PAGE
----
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Pope Leo IX
He was a native of Eguisheim , Upper Alsace. The family to which he belonged was of noble rank, and through his father he was related to the emperor Conrad II. He was educated at Toul, where he successively became canon and, in 1026, bishop; in the latter capacity he rendered important political services to his relative Conrad II, and afterwards to Henry III, Holy Roman Emperor, and at the same time he became widely known as an earnest and reforming ecclesiastic by the zeal he showed in spreading the rule of the order of Cluny.
On the death of Pope Damasus II, Bruno was selected his successor by an assembly at Worms in December 1048. Both the emperor and of the Roman delegates concurred, but Bruno stipulated as a condition of his acceptance that he should first proceed to Rome and be canonically elected by the voice of clergy and people. Setting out shortly after Christmas, he met with abbot Hugo of Cluny at Besancon, where he was joined by the young monk Hildebrand, who afterwards became Pope Gregory VII; arriving in pilgrim garb at Rome in the following February, he was received with much cordiality, and at his consecration assumed the name of Leo IX.
One of his first public acts was to hold the well-known Easter synod of 1049, at which celibacy of the clergy (down to the rank of subdeacon) was anew enjoined, and where he at least succeeded in making clear his own convictions against every kind of simony. The greater part of the year that followed was occupied in one of those progresses through Italy, Germany, and France which form a marked feature in Leo's pontificate. After presiding over a synod at Pavia, he joined Henry III in Saxony, and accompanied him to Cologne and Aix-la-Chapelle; to Reims he also summoned a meeting of the higher clergy, by which several important reforming decrees were passed. At Mainz also he held a council, at which the Italian and French as well as the German clergy were represented, and ambassadors of the Greek emperor were present; here too simony and the marriage of the clergy were the principal matters dealt with.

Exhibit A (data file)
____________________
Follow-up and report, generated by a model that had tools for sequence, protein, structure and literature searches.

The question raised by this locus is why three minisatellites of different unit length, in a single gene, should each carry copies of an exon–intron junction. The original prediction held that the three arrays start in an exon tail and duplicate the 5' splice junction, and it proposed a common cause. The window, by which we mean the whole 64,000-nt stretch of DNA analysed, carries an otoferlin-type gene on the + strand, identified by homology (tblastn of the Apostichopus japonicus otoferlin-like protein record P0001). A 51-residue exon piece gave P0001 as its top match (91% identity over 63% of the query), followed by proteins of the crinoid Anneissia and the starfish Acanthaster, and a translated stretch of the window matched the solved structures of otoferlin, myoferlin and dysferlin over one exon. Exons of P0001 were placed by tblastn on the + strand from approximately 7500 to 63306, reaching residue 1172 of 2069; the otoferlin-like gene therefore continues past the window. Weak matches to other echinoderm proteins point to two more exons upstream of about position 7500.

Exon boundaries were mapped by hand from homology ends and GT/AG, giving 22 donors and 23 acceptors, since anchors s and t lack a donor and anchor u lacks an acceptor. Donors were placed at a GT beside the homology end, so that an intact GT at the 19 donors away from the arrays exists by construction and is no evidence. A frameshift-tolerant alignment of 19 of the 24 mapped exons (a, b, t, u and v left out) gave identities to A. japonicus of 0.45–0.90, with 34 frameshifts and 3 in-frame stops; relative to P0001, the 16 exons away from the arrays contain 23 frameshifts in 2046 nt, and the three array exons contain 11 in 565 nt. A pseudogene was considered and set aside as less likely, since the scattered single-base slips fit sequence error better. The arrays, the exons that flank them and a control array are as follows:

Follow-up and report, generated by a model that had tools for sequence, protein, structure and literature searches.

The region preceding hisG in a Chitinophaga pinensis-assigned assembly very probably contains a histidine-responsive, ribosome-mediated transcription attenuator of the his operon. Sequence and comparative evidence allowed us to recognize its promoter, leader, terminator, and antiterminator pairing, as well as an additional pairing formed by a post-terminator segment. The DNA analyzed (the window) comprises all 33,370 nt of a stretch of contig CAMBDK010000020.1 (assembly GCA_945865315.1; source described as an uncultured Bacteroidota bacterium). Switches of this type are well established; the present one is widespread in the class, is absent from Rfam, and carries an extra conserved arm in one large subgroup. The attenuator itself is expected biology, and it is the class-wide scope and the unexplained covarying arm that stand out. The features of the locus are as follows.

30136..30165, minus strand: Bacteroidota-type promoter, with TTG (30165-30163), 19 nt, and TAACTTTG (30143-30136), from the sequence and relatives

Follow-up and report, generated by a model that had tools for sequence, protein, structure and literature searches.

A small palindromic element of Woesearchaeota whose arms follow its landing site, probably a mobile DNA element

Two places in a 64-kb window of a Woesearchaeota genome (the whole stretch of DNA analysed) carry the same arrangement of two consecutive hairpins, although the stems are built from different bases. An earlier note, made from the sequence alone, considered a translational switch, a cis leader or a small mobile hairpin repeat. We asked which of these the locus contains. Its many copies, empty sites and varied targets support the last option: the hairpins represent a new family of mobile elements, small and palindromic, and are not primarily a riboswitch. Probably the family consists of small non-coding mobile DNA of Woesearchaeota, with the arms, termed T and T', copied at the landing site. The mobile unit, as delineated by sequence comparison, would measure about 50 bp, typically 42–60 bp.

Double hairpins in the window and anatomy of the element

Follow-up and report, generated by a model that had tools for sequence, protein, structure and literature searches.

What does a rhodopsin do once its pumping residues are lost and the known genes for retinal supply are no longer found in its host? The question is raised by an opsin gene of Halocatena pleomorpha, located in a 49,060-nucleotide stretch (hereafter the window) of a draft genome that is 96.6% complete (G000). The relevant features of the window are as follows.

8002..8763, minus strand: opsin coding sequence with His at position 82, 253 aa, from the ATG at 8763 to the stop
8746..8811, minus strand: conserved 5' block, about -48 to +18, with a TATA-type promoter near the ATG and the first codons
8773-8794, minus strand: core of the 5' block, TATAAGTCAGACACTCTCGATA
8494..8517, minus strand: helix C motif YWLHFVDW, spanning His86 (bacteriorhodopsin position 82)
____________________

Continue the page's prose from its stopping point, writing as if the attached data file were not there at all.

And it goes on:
After his return to Rome he held (April 29, 1050) another Easter synod, which was occupied largely with the controversy about the teachings of Berengar of Tours; in the same year he presided over provincial synods at Salerno, Siponto , and Vercelli, and in September revisited Germany, returning to Rome in time for a third Easter synod, at which the question of the reordination of those who had been ordained by simonists was considered.
In 1052 he joined the emperor at Bratislava (Pressburg), and vainly sought to secure the submission of the Hungarians; and at Regensburg, Bamberg, and Worms the papal presence was marked by various ecclesiastical solemnities.
After a fourth Easter synod in 1053 Leo set out against the Normans in the south with an army of Italians and German volunteers, but his forces sustained a total defeat at the Battle of Civitate on June 15, 1053; on going out, however, from the city to meet the enemy he was received with every token of submission, relief from the pressure of his ban was implored and fidelity and homage were sworn. From June 1053 to March 1054 he was nevertheless detained at Benevento in honourable captivity; he did not long survive his return to Rome, where he died on April 19, 1054.
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